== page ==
How old were you when you understood the traditional idea of “power’’? What was your first encounter with power?

Growing up, I watched my older brother work the door at the club, ride his purple Harley-Davidson, and walk us backstage at concert halls. He took the time to get to know folks and showed me the value of investing in a peer network.

What parts of your childhood informed your perspective?

Not nearly as cool or extroverted as my brother, I’d often find myself making things. This desire to make or self-select into the art, music, and interactions that I wanted to experience helped shape my path and general approach to life.

As someone who would rather spend time in the darkroom rather than in the cafeteria, I learned who my people were and what I was interested in pretty quickly. It’s this early understanding that’s kept me focused on who and what I love.

What’s your relationship to power now? How has it changed over the years? Did you have to unlearn anything you were taught?

I’ve had to unlearn SO many things — way too many things to list! One of the most important, and still a work-in-progress, is unlearning my relationship to productivity.

To make time, to be financially independent, and to be in a space of emotional, mental and spiritual liberation is the kind of power that I’m interested in practicing.

How do you cultivate and express power in your life? How does that translate externally?

I try to condition my mind to transcend feelings of fear, insecurity, and combativeness so that I can be imaginative and creative. When I’m successful — when I approach opportunities and challenges from a place of innovation and openness — the ripple effect on others is palpable. More importantly, I become transformed and access parts of myself that may have been closed off.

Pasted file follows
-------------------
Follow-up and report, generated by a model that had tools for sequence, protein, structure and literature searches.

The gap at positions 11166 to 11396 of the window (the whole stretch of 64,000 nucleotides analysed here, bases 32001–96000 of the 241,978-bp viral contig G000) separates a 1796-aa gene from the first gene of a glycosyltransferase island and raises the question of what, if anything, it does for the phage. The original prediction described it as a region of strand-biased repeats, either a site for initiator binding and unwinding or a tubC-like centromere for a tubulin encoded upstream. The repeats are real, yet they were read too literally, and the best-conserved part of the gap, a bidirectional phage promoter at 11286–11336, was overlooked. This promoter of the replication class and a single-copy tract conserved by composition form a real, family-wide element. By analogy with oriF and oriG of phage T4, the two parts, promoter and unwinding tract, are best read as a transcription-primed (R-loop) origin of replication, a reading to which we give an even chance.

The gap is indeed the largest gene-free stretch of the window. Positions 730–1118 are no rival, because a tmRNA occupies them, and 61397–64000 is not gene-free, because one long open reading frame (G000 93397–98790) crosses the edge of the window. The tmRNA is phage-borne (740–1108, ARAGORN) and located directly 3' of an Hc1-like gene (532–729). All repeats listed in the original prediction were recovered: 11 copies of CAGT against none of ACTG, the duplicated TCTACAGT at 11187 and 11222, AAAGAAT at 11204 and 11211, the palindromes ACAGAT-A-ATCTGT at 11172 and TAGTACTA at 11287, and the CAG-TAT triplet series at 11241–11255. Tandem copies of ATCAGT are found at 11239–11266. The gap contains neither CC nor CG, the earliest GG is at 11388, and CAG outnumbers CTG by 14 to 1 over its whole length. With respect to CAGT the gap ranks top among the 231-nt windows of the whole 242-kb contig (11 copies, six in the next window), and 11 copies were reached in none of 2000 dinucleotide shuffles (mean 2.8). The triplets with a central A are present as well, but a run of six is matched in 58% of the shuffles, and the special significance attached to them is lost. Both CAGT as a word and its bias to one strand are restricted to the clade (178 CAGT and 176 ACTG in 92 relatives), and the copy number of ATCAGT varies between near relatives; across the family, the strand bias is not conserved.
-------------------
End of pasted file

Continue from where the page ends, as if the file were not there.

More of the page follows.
Where are the unexpected places you’ve seen power manifest?

I’m completely mystified by the power of time. And always in awe of the power of quietude.

Where are the intersections of spirituality and power for you? What actions or practices have you incorporated in your life to cultivate personal power?

Imagination is a radical act of freedom. To stay in an imaginative space, I keep in touch with my friends and family; I appreciate the ocean, iguanas and tropical life around me; and I tend to my indoor garden — a ritual that’s both gratifying and unforgiving.

A Yardie question: What are you reading now?

 all about love by bell hooks, Homegoing by Yaa Gyasi, and Age of Union: Igniting the Changemaker by Montreal-based author Dax Dasilva.

Dejha Carrington is an arts communicator. Her experience in communications, programming and public art builds awareness and support for artists, institutions, cities and global social responsibility initiatives. As Vice President of Communications at National YoungArts Foundation, she is a firm believer in supporting artists at pivotal stages in their careers. Dejha is also the co-founder Commissioner, an art membership program that provides members with original commissioned artwork, introductions to contemporary artists, and intimate exposure to unexpected spaces, collector homes and artist studios in their city. A recognized media source and speaker on arts, community and storytelling, Dejha was born and raised in Montreal and is currently based in Miami.